fabulous new cookbook, Simply Nigella! Get your forks ready folks, this one is super-tasty!

Chicken traybake with bitter orange and fennel

rsz_9780701189358-1-editiondefaultoriginal-1I don’t think I could say how often I’ve made this since settling into my new kitchen. Not that I’m ashamed of being repetitive – I find that comforting – but I’ve simply cooked it too often to count. It will always, no matter wherever and whenever I cook it, be the taste of my new home, evoking the strength and robust sense of cosiness that emanates from that.

I never quite feel that a house is a home until a chicken has been roasted in it (with apologies to all vegetarians and, indeed, chickens) and this, as it cooks, fills your kitchen with its gentle anise and citrus scent, working as well in midwinter with in-season Seville oranges as it does in summer with eating oranges, their sweetness soured by lemon. Apropos of this, although I normally consider not using the zest of a lemon a culinary hanging offence, here I don’t use it, as it would flagrantly, if fragrantly, overpower the essential orange.

I always get the chicken in its marinade a day ahead, but if you don’t have time, an hour would be fine (out of the fridge, but in a cool place) so long as you start off with good chicken. If you can afford good organic chicken, buy it. It is this chicken that provides a strong natural “gravy”, and the other reasons to do so are even more compelling.

The fennel I’ve been finding lately has been large but no less full of herbal flavour for all that; if you find only smaller bulbs of fennel, maybe use 3, and just quarter them.

As for what to serve alongside, depending on the time of year, I’d say a pile of mashed potatoes or steamed new potatoes and perhaps some just-blanched sugar snaps, glossed with butter or oil, for crunch.

SERVES 6
rsz_rha_simplynigella_dine2 large bulbs fennel (approx. 1kg total, though less wouldn’t matter)
100ml cold-pressed rapeseed oil or extra-virgin olive oil, plus 1 x 15ml tablespoon or so for drizzling on the chicken when cooking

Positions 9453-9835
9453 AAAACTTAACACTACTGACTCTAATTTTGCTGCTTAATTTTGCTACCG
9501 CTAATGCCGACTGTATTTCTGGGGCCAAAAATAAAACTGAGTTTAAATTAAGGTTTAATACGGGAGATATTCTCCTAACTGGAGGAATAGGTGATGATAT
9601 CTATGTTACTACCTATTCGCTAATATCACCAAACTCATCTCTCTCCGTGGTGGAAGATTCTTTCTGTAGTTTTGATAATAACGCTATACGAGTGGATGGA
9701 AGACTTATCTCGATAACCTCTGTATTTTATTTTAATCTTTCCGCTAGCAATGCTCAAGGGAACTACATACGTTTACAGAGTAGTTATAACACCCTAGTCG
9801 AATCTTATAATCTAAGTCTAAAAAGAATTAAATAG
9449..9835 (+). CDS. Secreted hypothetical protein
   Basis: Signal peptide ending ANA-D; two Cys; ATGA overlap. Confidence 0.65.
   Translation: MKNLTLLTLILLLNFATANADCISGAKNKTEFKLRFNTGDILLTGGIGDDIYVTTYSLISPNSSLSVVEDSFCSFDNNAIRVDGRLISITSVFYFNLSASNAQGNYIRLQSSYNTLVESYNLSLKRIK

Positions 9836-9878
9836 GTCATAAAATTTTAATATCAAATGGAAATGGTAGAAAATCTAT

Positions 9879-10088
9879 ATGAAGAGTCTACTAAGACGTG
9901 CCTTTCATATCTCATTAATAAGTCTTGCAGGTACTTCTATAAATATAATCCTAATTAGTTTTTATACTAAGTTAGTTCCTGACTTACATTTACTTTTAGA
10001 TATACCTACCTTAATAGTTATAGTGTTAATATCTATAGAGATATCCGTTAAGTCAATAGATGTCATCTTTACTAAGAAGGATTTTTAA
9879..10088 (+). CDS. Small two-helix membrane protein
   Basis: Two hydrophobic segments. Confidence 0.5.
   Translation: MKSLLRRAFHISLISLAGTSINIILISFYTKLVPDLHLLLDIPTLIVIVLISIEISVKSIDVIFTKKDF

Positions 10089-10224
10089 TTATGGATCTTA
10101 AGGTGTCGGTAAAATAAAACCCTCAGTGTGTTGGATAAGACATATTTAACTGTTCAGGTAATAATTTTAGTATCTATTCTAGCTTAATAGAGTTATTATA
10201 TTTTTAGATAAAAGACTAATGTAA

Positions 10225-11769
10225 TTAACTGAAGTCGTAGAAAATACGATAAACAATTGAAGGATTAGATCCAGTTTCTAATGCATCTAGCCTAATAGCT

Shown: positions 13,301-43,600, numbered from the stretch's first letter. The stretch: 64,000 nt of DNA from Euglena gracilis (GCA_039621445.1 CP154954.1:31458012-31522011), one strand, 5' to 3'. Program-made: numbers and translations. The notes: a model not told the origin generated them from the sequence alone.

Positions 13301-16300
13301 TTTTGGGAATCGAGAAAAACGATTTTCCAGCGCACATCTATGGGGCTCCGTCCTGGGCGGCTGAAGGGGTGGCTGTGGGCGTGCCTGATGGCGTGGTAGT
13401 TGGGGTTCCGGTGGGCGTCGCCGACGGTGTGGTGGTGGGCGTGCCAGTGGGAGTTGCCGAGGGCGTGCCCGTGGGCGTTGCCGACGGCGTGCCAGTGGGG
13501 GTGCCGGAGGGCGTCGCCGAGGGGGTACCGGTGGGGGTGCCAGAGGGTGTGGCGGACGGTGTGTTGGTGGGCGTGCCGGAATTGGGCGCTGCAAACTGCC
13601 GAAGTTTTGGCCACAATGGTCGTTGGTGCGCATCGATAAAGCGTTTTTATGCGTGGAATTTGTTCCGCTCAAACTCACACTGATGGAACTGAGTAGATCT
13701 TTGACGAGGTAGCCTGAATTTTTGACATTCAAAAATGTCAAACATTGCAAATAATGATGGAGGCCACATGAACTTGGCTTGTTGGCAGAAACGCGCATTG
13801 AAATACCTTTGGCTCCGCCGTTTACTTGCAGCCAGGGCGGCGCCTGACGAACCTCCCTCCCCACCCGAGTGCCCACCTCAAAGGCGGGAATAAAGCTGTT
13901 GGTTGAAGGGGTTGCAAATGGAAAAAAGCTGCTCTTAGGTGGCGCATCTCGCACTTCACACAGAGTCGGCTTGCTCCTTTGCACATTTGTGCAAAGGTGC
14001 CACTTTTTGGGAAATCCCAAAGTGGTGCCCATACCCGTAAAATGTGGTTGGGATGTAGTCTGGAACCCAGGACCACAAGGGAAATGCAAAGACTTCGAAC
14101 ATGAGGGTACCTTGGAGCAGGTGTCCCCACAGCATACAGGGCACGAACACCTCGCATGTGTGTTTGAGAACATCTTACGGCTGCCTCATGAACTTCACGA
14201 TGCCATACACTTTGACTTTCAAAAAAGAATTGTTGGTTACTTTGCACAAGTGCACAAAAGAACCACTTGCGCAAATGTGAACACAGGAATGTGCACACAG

zest and juice of 2 Seville oranges (about 100ml juice), or zest and juice of 1 eating orange and juice of 1 lemon
2 teaspoons sea salt flakes
4 teaspoons fennel seeds
4 teaspoons Dijon mustard
12 chicken thighs, skin on and bone in, preferably organic

* Remove the fronds from the fennel and put them in a resealable bag in the fridge for serving. I discard (that’s to say, eat) the tubey bits of the fennel, but if you have a roasting tin big enough, use everything. Cut the bulbs of fennel into quarters and then cut each quarter, lengthways, into 3. Leave on the chopping board while you get on with the marinade.

* Placing a large freezer bag in position inside a wide-necked-measuring jug or similar, pour in the oil, add the orange zest and juice (and lemon juice, if using), and spoon in the salt, fennel seeds and mustard. Stir briefly to mix.

* Remove the bag from the jug and, holding it up, add a quarter of the chicken pieces, followed by a quarter of the fennel pieces, and so on until everything’s been used up.

* Seal the bag tightly at the top, lay the bag in something like a lasagne dish and squelch it about so that you make the small amount of marinade cover as much of the chicken as possible. It will look as if it isn’t enough, but it is, I promise. Leave in the fridge overnight or up to 1 day.

* When you want to cook, remove the marinating chicken and fennel from the fridge and tip the contents of the bag – marinade and all – into a large shallow roasting tin (I use a tin that measures 46 x 34cm with a lip of 1.5cm). Using tongs, or whatever implement(s) you prefer, arrange the chicken pieces so that they are sitting, skin-side up, on top of the fennel, leave it for 30 minutes or so, to come up to room temperature while you preheat the oven to 200°C/gas mark 6.

* Drizzle some more golden oil onto the chicken, and cook in the oven for 1 hour, by which time the fennel will be soft and the chicken cooked through and bronzed on top.

* Put the chicken and fennel onto a warmed serving plate and put the pan over a medium heat (use a saucepan if your tin isn’t hob-friendly) and boil the juices, stirring as you watch it turn syrupy; this should take about 1 ½ – 2 minutes in the tin, and about 5 in a saucepan.

* Pour the reduced sauce over the chicken and fennel, and then tear over the reserves fennel fronds.

MAKE AHEAD NOTE: The chicken can be marinated 1 day ahead. Store in fridge until needed.
STORE NOTE: Cool leftovers, then cover and refrigerate within 2 hours of making. Will keep in fridge for up to 3 days

Recipe extracted from SIMPLY NIGELLA by Nigella Lawson.